Heavy marijuana use can fuel anxiety disorders, according to new research. This age group is the most at risk

Nearly a third of people who went to the emergency room for cannabis-related problems developed a new anxiety disorder within three years, according to research published Monday.

The study, published today in That of the Lancet open access journal eClinical Medicine—said to be the most comprehensive examination to date of the relationship between cannabis use and anxiety.

Canadian researchers examined the medical records of more than 12 million people who lived in Ontario between 2008 and 2019 and who had no record of an anxiety disorder or had received treatment for one. Those who went to the emergency room for cannabis use during that period were three times more likely to be diagnosed with a new anxiety disorder – during an office, emergency room or hospital visit – within three years, he said. the study found. They were also nine times more likely to require another health care visit – an outpatient or emergency room visit, or a hospital stay – for an anxiety disorder in the future.

Young cannabis users – aged 10 to 24 and particularly males – were at particularly high risk, the researchers noted.

Does Cannabis Help or Hurt Anxiety? Expert opinions are conflicting

Scientists are unsure whether cannabis use leads to anxiety, or whether anxiety symptoms in many cannabis users are pre-existing but underdiagnosed, prompting users to attempt to self-medicate.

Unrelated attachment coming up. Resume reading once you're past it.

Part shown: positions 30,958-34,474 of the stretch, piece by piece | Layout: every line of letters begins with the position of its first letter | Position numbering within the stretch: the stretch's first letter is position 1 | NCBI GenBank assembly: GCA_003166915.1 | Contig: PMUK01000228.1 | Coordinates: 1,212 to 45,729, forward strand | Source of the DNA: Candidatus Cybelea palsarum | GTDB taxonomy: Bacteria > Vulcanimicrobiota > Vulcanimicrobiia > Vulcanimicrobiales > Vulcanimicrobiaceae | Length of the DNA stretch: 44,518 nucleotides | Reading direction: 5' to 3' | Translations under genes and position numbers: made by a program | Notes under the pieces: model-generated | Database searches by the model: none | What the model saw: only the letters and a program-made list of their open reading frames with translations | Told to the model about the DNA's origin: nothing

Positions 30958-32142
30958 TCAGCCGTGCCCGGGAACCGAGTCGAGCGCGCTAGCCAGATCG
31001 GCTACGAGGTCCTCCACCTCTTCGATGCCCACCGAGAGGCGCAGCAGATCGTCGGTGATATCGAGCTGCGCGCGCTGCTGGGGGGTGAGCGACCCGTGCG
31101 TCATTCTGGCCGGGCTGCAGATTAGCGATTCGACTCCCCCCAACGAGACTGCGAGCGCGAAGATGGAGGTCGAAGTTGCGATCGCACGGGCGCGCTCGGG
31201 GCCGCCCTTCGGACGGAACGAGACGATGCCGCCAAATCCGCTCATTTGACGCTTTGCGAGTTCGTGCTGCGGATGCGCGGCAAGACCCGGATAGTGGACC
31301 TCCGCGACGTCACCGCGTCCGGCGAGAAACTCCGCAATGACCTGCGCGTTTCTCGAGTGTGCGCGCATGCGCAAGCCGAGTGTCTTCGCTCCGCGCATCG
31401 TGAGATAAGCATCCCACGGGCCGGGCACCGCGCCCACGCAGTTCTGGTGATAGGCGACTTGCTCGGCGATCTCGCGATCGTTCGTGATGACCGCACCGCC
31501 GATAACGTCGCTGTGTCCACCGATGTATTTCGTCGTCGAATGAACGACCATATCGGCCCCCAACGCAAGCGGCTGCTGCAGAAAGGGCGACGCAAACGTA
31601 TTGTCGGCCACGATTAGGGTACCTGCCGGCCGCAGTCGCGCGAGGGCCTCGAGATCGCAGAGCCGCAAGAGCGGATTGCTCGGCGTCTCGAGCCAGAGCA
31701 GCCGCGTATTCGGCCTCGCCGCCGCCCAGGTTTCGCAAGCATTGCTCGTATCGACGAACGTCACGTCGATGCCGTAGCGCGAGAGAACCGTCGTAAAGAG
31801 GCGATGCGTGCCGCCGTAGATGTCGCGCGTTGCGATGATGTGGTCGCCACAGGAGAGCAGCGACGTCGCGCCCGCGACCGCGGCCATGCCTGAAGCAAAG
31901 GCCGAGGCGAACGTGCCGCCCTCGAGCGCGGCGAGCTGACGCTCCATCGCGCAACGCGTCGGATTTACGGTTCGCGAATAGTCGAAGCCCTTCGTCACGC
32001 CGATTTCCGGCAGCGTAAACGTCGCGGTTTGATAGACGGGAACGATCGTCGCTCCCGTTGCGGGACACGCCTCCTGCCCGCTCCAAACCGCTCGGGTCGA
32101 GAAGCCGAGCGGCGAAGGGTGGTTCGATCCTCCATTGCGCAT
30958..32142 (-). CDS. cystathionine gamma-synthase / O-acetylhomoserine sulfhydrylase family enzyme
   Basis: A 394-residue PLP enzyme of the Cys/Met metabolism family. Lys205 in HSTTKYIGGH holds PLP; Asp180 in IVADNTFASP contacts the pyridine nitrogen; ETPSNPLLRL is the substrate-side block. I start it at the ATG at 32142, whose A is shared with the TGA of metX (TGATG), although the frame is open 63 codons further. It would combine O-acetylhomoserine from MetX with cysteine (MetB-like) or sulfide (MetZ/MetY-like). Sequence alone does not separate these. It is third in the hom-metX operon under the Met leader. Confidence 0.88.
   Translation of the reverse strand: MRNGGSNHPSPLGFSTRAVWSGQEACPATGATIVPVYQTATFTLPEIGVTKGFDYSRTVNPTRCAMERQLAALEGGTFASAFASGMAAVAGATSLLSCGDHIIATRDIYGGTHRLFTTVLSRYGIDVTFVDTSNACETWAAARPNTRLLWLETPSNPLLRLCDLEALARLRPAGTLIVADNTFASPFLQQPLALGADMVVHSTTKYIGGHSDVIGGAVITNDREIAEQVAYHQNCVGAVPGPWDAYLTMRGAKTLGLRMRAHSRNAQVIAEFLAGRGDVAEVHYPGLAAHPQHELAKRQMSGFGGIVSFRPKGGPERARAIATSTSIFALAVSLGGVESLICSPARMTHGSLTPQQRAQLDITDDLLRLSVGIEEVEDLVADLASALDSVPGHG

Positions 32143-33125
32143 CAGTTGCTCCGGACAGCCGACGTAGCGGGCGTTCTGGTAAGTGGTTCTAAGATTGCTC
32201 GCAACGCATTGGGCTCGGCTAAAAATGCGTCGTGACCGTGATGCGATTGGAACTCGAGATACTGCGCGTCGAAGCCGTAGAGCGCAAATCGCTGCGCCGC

Regardless, the study authors cautioned against using cannabis to treat anxiety. Evidence of its effectiveness is lacking, they wrote. Additionally, its use may delay the initiation of evidence-based treatments such as prescription medications and/or therapies, or worsen symptoms.

A 2020 study published in Journal of Translational Medicine noted that THC, the main psychoactive ingredient in cannabis, increases anxiety, while CBD, a cannabis derivative that is non-psychoactive, decreases it.

An April 2023 study published in Cureo documented an increase in emergency room visits for the psychiatric effects of cannabis after Michigan legalized the drug in 2018. Nearly 20% of emergency room visits over a two-year period at an unnamed hospital in the state resulted in to a diagnosis of cannabis-induced anxiety, the researchers found.

In a 2018 note published on New England Journal of Medicine Newspaper Clock, Dr. Peter Roy-Byrne, the publication’s senior consultant editor for psychiatry, called the use of cannabis a “band-aid” strategy for those with symptoms of mood and anxiety disorders that can temporarily improve the way they they feel, but worsen the long-term results.
“Absolutely no studies suggest the use of cannabis as a viable therapeutic strategy for anxiety and depression,” he wrote. “…Continued, rather than occasional, use would likely harm therapeutic outcomes, whereas cessation or marked reduction of use to a weekly maximum would likely improve them.”

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